A New York Times story about doctors who sell weight loss aids containing the herbal stimulant ephedra illustrates how the news media help discredit drugs that have fallen out of favor with the government. The fifth paragraph of the article warns:
Ephedra, especially in combination with caffeine, has been linked to scores of deaths, including that of Steve Bechler, a 23-year-old minor league baseball player who collapsed while training with the Baltimore Orioles in February.
Later the Times tells us that several athletic organizations prohibit the use of ephedra products, the American Medical Association wants them taken off the market, and the Food and Drug Administration is contemplating a ban. Not until the 29th paragraph do we learn that the "scores of deaths" mentioned early in the story—"117 reports of deaths among ephedra users," to be exact—cover a period of 10 years. In the next paragraph, the Times concedes:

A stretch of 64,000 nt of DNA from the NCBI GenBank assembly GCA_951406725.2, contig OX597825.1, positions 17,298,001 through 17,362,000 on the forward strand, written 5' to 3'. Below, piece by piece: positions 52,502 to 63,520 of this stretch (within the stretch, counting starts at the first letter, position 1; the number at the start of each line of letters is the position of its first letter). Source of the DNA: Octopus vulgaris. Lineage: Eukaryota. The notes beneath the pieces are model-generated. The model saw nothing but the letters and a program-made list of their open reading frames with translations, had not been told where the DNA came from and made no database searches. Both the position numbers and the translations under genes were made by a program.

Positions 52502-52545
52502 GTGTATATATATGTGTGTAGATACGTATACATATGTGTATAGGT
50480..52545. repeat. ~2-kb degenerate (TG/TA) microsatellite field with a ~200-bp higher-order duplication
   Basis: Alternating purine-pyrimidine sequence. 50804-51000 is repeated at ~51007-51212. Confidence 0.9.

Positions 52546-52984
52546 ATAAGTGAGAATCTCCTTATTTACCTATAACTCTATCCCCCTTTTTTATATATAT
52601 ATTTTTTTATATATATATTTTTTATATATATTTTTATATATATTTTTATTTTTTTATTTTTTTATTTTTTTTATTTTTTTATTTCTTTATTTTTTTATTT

Despite these statistics, no direct causal link has yet been established between the problems and ephedra use.
In fact, a RAND Corporation study commissioned by the FDA found only two fatalities where the presence of ephedra was confirmed and there was some effort to rule out alternative causes. The government has not made even a prima facie case that ephedra is more dangerous than other drugs available without a prescription, several of which are associated with far more deaths each year. But putting deaths "linked" to ephedra into perspective would have undermined the story line of greedy doctors recklessly jeopardizing their patients' lives and contradicted the new establishment line that ephedra use is too hazardous to be tolerated.